“ tudes, reported (all of them) fo Travels through Egypt and Syria, in “ openly to us at and near the mc the years 1783, 1784, and 1785; " ment, authenticated by such for by M. C. F. Volney. " mal and dignified attestations, " and afcending uowards throub VERY circumstance, however " such a scale of witneffes, to such
u minure, concerning Egypt and " a couple of leaders, carry a won. S;rid, is unquestionably, from the 6. derful weight with them. They memory of their ancient splendour " were made by men who were it and independence, an object of ra. " but one, actors in the deed of tional curiosity. We need not there“ murder. They were mide by
bude ho fore hesitate to recommend a work " men, who were attached to Both."
which, like the present, abounds “ well particularly. They were
✓ were with such a variety of new and in" made by men who were all bue teresting matter relating to those « one, affociates in the villainy with countries, in the trongeft manner “ Murray, Morton, and Bothwell.
Boshwell to the attention of the reader. Bee " They were made even by Boch- lides many ingenious and philoso. " well himself. And thev were phical oblervations on the climate 16 even made by Morton himself. and natural productions, and an in. " They were made by all, when teresting account of the customs. " they were awfully standing on the
the manners, laws, genius, and charac« very shore and beach of time,
ter of the people ; it contains a « when they were awfully throwing
fund of valuable information about their eyes across the narrow
the state of their revenues, che na• ocean of death before them. and ture of their military establishment.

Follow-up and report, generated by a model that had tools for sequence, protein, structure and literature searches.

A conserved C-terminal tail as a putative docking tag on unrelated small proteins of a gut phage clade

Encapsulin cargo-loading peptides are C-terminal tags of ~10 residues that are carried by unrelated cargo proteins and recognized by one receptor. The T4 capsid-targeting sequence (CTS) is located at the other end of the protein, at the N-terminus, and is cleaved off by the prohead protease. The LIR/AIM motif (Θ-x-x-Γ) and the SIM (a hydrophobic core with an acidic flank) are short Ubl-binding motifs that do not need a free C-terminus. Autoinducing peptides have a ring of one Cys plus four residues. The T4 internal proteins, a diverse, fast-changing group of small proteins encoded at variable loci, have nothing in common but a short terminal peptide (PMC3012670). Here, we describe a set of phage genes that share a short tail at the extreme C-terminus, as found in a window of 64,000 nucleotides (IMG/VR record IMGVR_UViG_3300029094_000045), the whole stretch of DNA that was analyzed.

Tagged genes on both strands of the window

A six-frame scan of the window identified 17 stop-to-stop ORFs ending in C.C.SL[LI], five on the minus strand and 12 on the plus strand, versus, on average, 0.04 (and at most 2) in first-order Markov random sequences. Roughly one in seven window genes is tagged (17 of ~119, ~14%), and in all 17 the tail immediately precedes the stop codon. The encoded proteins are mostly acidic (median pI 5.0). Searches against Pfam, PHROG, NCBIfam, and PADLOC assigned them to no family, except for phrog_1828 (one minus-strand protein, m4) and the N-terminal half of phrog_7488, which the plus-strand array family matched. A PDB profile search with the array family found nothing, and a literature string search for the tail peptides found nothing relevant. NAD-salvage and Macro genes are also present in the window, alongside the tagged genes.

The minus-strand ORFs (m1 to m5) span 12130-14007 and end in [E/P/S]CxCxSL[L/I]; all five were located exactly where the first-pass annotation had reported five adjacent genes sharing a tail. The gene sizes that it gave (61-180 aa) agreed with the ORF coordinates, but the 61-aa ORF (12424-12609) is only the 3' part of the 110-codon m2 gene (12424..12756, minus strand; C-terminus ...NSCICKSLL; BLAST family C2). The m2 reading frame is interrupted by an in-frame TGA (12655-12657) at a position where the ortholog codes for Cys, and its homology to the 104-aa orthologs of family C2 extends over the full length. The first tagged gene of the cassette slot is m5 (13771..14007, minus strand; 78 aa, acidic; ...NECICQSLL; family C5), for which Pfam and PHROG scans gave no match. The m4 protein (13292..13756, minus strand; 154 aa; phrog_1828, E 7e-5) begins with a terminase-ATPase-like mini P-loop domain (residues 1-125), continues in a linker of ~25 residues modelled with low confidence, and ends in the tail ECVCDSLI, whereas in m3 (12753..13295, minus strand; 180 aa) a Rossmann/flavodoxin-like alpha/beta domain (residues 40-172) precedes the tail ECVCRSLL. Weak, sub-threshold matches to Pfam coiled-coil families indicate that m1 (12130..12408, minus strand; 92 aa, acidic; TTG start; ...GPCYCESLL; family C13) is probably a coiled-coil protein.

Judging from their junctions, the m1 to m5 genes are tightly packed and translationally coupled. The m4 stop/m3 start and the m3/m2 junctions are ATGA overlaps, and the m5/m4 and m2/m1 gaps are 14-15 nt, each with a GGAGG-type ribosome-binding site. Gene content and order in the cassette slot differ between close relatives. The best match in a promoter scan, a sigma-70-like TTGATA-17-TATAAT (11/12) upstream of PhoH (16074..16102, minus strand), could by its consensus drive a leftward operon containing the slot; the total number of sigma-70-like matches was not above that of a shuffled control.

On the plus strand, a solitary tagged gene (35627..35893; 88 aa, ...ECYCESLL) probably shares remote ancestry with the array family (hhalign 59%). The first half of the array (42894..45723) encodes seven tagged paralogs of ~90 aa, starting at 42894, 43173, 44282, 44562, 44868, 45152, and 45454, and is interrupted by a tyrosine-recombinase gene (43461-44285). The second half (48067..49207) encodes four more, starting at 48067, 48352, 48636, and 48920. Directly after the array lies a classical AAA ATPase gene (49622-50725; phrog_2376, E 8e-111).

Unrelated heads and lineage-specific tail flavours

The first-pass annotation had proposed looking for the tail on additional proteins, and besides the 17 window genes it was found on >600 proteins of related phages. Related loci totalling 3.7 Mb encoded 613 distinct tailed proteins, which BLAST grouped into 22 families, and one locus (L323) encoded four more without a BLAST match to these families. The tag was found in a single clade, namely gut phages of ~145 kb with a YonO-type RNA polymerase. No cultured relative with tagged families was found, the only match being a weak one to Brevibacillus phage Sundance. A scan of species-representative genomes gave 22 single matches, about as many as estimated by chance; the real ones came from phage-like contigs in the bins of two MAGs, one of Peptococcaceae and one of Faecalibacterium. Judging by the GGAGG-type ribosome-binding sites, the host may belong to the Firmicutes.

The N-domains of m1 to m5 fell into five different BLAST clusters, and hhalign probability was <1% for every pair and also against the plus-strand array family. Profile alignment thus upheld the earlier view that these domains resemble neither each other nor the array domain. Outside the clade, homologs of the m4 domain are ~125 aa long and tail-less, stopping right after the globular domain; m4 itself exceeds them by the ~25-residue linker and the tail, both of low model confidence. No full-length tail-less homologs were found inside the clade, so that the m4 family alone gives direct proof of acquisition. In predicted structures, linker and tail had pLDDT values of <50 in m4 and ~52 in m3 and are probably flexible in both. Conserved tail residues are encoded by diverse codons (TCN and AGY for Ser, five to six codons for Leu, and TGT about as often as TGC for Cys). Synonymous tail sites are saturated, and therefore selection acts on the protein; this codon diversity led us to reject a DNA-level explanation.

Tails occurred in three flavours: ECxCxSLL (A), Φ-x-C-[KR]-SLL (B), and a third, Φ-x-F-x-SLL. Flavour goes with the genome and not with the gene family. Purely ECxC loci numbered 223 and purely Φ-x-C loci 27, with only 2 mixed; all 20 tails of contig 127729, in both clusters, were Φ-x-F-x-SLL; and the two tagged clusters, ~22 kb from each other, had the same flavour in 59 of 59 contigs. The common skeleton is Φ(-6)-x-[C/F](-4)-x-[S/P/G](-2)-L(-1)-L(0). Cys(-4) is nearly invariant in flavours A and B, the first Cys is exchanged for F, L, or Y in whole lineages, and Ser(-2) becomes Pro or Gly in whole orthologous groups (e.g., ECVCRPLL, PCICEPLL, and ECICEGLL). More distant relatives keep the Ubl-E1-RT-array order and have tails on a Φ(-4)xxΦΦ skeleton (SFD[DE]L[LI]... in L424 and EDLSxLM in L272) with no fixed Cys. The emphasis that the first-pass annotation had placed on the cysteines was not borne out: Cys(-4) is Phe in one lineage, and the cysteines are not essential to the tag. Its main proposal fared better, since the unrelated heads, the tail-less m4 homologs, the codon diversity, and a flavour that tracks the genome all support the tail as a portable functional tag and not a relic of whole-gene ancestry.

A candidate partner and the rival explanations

of Turkish " when they were penitentially pre. and the general lyttem os paring for their reception in the policy in the government of the or regions of eterniry bevond. They provinces dependent on the Otto" thus form an energy of evidence, man
evidence man empire. It appears to be che - even fuperior. I think, if poflible. principal object of the author to lay so to all the constructive testimonies
before his readers an accurate " of history before. They certain
in and faithful account of the present 56 ly speak to the understanding, in
in naiural and political ftate of these " conjunction with these, in a voice
"countries. With That view he has " of power, and with a tone of
: confined his researches chiefly to " thunder. And the innecence of
of those points; and refers his readers " Mary, and the guilt of Murray,
on the subject of antiquity, which “ Moreton, and Bothwell, now stand " upon a basis as firm as the pillars
ore exhausted, to Norden, Pocock, Nie. " of the earth, and now appear to
buhr, Savary, and other travellers. rc the eye as conspicuous as the arch
There is indeed a full and minute or of heaven."
account of the ruins of Palmyra and the temple of the fun at Balbec, in that part of the work relating to Syria. But he has allotted no more than one short chapter to the co, pious subject of the pyrainids, and to the general de!cription of all the